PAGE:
From famine to food security: Lessons for building resilient food systems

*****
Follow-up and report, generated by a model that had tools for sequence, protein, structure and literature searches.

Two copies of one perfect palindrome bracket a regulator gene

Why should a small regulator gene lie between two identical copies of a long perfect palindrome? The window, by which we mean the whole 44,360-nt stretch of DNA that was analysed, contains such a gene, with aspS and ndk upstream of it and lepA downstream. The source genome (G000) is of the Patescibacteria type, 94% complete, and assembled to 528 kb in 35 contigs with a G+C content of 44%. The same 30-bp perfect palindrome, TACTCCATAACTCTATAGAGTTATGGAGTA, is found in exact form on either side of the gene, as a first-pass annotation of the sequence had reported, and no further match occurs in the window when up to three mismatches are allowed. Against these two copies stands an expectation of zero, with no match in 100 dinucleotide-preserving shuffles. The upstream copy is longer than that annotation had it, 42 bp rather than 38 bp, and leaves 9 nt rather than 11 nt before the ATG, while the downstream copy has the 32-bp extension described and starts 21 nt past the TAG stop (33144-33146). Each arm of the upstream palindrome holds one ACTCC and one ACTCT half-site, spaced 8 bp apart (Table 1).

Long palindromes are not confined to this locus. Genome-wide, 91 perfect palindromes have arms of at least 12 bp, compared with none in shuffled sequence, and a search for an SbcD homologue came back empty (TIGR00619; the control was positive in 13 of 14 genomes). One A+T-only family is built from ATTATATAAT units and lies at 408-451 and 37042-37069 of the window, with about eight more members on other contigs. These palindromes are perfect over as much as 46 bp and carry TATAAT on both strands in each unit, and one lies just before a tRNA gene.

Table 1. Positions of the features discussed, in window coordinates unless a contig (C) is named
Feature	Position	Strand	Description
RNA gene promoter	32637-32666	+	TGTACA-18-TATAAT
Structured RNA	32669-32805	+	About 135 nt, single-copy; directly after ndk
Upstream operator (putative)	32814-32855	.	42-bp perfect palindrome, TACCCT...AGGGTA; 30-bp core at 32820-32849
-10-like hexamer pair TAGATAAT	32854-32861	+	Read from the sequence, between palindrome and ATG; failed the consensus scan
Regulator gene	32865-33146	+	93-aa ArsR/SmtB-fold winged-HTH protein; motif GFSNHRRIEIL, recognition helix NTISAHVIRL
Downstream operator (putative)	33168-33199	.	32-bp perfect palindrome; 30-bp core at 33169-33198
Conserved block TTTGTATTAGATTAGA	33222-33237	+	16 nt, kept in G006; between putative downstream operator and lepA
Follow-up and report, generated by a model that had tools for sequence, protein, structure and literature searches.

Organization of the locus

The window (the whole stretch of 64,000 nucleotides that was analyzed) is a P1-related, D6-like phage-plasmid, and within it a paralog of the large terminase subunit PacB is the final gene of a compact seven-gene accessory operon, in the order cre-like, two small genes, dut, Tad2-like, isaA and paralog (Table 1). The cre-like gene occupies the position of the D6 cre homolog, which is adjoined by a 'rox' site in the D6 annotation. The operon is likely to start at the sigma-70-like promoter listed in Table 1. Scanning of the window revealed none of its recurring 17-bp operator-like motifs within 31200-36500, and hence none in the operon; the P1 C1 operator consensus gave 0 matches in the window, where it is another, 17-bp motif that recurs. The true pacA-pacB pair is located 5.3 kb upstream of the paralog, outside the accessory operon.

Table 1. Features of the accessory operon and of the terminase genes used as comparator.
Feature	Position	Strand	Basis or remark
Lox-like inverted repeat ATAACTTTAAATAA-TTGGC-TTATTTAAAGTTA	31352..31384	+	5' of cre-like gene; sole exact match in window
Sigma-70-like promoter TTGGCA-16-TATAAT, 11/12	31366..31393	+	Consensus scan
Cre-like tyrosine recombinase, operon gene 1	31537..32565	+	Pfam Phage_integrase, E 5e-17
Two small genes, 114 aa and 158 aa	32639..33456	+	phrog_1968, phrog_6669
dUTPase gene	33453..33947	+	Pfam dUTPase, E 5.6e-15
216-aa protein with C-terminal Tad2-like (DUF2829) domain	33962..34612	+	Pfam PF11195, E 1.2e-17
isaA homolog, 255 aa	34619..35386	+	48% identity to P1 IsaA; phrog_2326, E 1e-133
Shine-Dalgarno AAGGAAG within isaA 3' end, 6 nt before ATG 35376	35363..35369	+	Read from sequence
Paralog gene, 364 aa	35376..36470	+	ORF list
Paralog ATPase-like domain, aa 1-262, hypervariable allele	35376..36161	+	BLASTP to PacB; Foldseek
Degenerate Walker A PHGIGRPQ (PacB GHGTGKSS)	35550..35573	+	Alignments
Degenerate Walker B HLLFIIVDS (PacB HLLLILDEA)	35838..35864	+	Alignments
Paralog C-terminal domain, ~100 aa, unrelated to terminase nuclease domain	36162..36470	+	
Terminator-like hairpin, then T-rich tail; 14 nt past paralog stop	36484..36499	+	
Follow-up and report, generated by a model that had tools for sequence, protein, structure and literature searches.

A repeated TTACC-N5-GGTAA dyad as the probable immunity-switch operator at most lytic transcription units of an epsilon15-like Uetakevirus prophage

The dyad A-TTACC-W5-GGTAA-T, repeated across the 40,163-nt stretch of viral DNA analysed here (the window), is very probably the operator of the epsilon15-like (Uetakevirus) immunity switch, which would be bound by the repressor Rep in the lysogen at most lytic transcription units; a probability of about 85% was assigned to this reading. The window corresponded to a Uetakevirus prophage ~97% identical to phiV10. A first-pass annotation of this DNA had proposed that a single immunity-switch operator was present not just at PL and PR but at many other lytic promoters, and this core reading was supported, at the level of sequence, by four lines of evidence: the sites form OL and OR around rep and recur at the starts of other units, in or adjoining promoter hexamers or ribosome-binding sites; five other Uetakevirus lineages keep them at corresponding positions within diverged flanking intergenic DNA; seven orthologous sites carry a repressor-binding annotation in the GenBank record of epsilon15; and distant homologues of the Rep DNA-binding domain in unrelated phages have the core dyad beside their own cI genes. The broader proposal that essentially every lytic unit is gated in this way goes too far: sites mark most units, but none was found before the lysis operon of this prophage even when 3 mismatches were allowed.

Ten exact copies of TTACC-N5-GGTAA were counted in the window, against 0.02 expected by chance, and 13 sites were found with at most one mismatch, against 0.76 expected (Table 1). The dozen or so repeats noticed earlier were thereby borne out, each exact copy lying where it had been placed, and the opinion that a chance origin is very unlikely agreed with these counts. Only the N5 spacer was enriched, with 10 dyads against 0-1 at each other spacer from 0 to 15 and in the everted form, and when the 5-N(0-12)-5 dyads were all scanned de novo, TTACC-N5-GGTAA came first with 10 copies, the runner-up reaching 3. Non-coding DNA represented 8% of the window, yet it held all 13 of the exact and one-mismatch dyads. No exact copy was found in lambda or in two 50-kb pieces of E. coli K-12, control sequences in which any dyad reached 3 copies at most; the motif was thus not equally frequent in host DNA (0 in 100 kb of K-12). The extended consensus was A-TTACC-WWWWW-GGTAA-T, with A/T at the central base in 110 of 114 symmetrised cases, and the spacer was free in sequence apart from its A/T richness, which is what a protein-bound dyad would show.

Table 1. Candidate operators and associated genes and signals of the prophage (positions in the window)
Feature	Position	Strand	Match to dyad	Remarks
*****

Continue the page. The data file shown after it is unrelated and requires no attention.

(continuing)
This brief (PDF) by IFPRI documents lessons for building resilient food systems to prevent future famines. Food aid and development assistance provided by multilateral and bilateral donors can play an important role in reducing famines. This will be crucial for improving food security and economic growth in countries currently facing food security crises. However, long-term commitment of national governments to rural development and food security is important as well. The key to success has been the development of resilient food systems that reduce the vulnerability of populations to food crises and famines when a shock hits. Lessons learned can help develop relief measures that also build food-system resiliency. Resilient food systems can withstand stresses and provide critical access to food and prevent stressed areas from becoming vulnerable to food crises and famine. Food-system resilience is simply the capacity to bounce back to normal or higher levels of food supply after a shock from man-made or natural disaster. Approaches to building resilience can be divided into three categories: 1) Policy systems: A policy system designed for resilience will be responsive and capable of managing emergency, short- and long-term interventions. Actors in the policy process will be able to develop common goals to address food emergencies and balance these goals with long-term development strategies. 2) Institutional: Institutions promote resilience when they have adequate capacity to anticipate, plan, and act effectively to prevent an impending crisis, manage the present crisis, and rebuild to a higher level post crisis. 3) Food systems: Strong and resilient food systems can help to reduce the impacts of drought on food and nutrition security. Countries that have built resilient food systems are better able to prevent famines. Adequate commitment, internal and external, to sustainable solutions has not been forthcoming to address the looming hunger and loss of livelihoods and lives.